When it comes to expat living, many retirees lean toward Southeast Asia. And Michael Wells is no different. For the 64-year-old, it was a place that fascinated him.
“I always felt more drawn toward the Eastern world. But why did I choose Phnom Penh? Well, Cambodia was always somewhere I had heard about on the news years ago. Initially I was hesitant until I started to investigate more into the current status of the country.
“Cambodia attracts millions of tourists and plenty of expats, too, because of the low cost of living, the simple residence visa requirements and the all-round attractiveness of the place.”
Michael knew that he couldn’t afford to retire back home and have the kind of life he dreamed of.
A little money goes a long way in Phnom Penh—it’s possible to live comfortably on a pension cheque here. But to give himself some extra income, Michael goes one step further.
“I supplement this with part-time writing for corporate customers,” he says. “This allows me the financial freedom to do pretty much whatever I like when it comes to my passion for luxury travelling, which I partake in as often as possible.
“I began writing a few years ago now, using a website called Elance, where I built up a profile of my capabilities and areas of expertise, and then bid on projects posted by potential employers. This was a way of both keeping myself busy and earning an extra income at my own pace.
“I was lucky enough to have bought property a while back, and despite still having a mortgage at the time, the ongoing boom in prices meant I had enough equity to give myself some options. Although the more I looked at it, the more I realised that my best chance at having a decent retirement would be somewhere overseas.”
Michael has made his home in the capital, Phnom Penh, a city that fuses colonial-era architecture with Buddhist temples and royal palaces. And despite this magnificent setting, costs pale in comparison to his home country.
“The cost of living in Phnom Penh is so ridiculously cheap,” says Michael. “What I used to spend back home in one week more than covers my expenses here for the whole month. My basic overhead to cover rent, food and social activities is not much more than $1,900 a month.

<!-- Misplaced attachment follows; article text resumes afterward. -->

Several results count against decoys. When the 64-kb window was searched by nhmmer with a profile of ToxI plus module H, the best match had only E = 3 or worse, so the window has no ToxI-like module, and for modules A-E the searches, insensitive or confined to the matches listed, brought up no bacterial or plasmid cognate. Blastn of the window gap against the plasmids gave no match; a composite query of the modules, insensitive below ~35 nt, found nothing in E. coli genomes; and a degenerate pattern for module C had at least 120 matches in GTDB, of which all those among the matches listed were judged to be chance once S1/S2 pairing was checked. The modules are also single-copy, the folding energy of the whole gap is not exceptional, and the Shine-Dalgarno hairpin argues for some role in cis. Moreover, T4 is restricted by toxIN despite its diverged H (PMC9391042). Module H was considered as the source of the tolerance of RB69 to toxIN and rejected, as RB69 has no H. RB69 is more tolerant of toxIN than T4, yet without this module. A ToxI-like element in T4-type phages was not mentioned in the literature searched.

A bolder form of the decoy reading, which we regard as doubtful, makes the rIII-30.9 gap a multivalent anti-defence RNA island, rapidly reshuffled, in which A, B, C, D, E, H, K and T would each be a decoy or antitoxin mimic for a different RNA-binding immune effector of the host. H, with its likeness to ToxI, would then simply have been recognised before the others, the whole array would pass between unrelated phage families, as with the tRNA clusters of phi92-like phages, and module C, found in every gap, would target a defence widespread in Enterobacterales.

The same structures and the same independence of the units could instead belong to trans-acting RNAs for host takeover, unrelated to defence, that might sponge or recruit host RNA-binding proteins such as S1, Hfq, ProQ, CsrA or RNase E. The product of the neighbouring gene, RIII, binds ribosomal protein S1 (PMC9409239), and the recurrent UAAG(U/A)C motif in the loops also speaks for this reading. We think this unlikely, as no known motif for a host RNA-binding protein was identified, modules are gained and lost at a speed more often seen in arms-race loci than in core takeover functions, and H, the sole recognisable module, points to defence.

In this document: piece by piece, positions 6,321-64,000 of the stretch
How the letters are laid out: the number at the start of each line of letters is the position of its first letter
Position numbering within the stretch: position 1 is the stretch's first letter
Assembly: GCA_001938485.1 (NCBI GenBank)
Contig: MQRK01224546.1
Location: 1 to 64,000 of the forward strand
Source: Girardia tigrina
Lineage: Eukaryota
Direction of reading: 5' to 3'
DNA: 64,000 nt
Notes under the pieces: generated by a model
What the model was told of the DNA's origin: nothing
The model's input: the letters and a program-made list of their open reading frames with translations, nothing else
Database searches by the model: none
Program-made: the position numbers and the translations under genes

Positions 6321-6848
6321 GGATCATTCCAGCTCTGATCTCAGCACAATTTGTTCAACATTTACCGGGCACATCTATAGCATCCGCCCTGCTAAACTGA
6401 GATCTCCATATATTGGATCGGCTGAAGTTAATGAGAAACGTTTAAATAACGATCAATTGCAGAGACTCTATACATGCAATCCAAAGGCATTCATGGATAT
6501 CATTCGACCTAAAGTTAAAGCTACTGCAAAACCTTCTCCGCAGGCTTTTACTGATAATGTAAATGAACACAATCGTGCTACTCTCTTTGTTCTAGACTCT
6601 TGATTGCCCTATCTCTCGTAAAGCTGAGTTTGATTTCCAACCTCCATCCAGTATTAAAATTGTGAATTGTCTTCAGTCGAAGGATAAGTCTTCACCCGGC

“I love the simple things that I can afford to get done for much less here. Small things, like a visit to get my hair cut, are so much more pleasant—and a heck of a lot cheaper.
“My favourite place to go is the Tokyo Barber Shop, where I get my hair washed and shampooed by a lady who also gives me a free head massage, followed by a very professional haircut by one of their barbers. And all for just $6.50.”
After only a year of writing, he generated a decent side income and attracted a number of repeat customers who liked his style of writing and ability to deliver on time.
“Elance has since merged with a similar website to become a new platform known as Upwork. But, due to my existing customer base, I don’t even have to bid for projects anymore. I have established a strong clientele who seek me out directly.”
It’s a line of work that suits him down to the ground. “Aside from the financial benefits, I can’t emphasise enough the pleasure of being my own boss. For years I worked for other people. Now I get to be in charge of when I work and who I work for. It’s all about elevating my comfort levels and expanding my horizons.”
Michael loves to spend this extra income on his travels. So far, he has visited Thailand, Vietnam, Laos and Burma, where he stays in five-star hotels for a fraction of what they would cost back home.
But a life in Phnom Penh did mean a few adjustments. “I definitely endured some culture shock by moving full-time to Asia.
“I had visited before, but though this helped prepare me for the move, no amount of tourist trips can ever fully make you ‘ready.’
“But I have enjoyed every moment of my culture shock, as it has been a learning experience. Everything from the change to an Asian rice- and noodle-based diet to learning to speak some rudimentary Khmer has been something I have savoured.”
If, like Michael, you’re thinking of embarking on a new life abroad, he says you should look deep inside yourself and contemplate your future.
“If I could go back 30 years to give myself a piece of advice, it would be this: Plan for your future without setting any limitations. Don’t confine yourself to one place or outcome, and let the world remain open to your dreams.”
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